Caltrans assigned one of its own, Duane Wiles, to do the seismic testing on the new bridge span. In an area bounded by both the Loma Prieta and San Andreas faults, this is a very responsible position. Wiles wasn’t up to the job:
A Sacramento Bee investigative report found that Wiles failed to properly conduct tests on the Bay Bridge’s new span and dozens of other bridges, fabricated results on at least three Caltrans projects, often discarded his raw data files and inflated his overtime pay. Perhaps all this was merely the side effects of personal problems Wiles was experiencing at the time, as he faced felony charges for a sex crime against a child.
That’s bad. Here’s worse: Alert employees had given Caltrans notice about Wiles’ ineptitude three years before a whistleblower approached the Sacramento Bee. Caltrans did nothing. Then, when the reporter approached Caltrans asking about Wiles, Caltrans’ first response wasn’t to fire Wiles, but to move him to a less visible job.
Again, the Wiles’ adventure wasn’t unique. If you take this bureaucratic instinct to protect its own, and combine it with an environmental zealotry that actively seeks to return California to a pastoral, pre-industrial (and very poor) age, and you end up with the sorry history of a regulatory decision that, when it goes into effect, will make trucking prohibitively expensive in California.
There’s nothing unusual in California about a pro-environment, anti-business regulation. What is unusual is that trucking regulation was based upon provably false data. Even more unusual is the fact that the California Air Resources Board, which promulgated the regulation, knew that the data was false, termed the falsity a “distraction,” passed the regulation, and suspended the malfeasor for a mere 60 days. Balancing those 60 days out, however, was UCLA’s decision to fire the professor of epidemiology who exposed the fraud. UCLA reached this decision because the professor’s work was “not aligned” with his department’s academic mission. (The professor has appealed that decision and is still working.)
Crazifornia describes a dysfunctional state, one that can best be summed up as a banana republic governed, not by oligarchs, but by a toxic mix of environmental fascists, greedy unions, corrupt or ideology-driven legislators, and all-powerful bureaucrats. But before you get too angry at these jackals, perhaps you should reserve your wrath for the ones who truly deserve it: the California voters.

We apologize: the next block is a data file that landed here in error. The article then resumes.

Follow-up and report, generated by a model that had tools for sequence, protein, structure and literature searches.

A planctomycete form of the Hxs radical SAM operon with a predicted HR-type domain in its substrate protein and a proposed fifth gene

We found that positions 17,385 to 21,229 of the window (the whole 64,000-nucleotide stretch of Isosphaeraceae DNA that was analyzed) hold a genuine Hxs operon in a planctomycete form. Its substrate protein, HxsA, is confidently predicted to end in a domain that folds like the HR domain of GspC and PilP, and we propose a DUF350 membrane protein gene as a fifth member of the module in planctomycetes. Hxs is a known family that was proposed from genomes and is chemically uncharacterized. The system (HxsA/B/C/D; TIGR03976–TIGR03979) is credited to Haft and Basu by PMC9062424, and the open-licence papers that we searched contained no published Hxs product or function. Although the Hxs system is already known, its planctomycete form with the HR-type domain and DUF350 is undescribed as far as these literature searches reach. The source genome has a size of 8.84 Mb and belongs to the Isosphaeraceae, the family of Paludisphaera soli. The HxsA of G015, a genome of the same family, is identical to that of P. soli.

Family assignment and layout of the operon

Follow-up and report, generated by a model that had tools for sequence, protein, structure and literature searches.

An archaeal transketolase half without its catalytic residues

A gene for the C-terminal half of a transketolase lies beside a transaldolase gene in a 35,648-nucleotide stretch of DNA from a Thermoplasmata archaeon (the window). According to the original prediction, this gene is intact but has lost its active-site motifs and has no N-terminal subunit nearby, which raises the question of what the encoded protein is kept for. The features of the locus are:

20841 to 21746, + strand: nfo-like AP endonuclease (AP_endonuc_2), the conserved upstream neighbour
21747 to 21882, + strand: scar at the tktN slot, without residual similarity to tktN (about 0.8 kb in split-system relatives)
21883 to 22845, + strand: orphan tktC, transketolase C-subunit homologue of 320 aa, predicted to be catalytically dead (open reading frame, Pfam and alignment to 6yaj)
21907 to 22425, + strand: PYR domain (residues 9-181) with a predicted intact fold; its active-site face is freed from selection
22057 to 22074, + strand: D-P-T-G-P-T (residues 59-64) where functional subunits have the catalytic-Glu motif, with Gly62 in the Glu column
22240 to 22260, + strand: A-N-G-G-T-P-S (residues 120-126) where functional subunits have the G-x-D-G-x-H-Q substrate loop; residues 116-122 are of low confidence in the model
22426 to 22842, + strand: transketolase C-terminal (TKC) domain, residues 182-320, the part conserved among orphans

Despite a dying economy, a feckless government, and dangerous corruption, voters are undeterred. It sometimes seems as if all 100% of the 47% who won’t be voting for Romney are voting in California. If you don’t know what California voters look like, I certainly do:
It’s probably too late to save California. Laer tries to inject some optimism at the end of each chapter and in the conclusion to his book he notes that voter patterns might finally be changing (although recent polling data makes me less optimistic). As cities go bankrupt, gas and food prices rise, businesses bail, and the California middle class becomes poor, some of the voters might finally be growing up. Whether they can reverse California’s downward trend remains questionable. Laer has some excellent suggestions for getting the political pendulum unstuck from its far Left position, but it will be ugly, and it will have to be carried out by people who have been subjected to one hundred years of California’s Progressive propaganda.
When you read Laer’s book (and I hope this review has convinced you to do so), you will see that it is a profound morality tale about what happens when America’s green, anti-capitalist Progressivism gains the upper hand in government. So remember, only you can prevent the Crazifornication of America.
* In the interests of full disclosure, Laer interviewed me regarding some of my own experiences as a public school student in San Francisco, and he includes parts of those interviews in Chapter 7. Plus, I get an awfully nice thank you in the Acknowledgements section.
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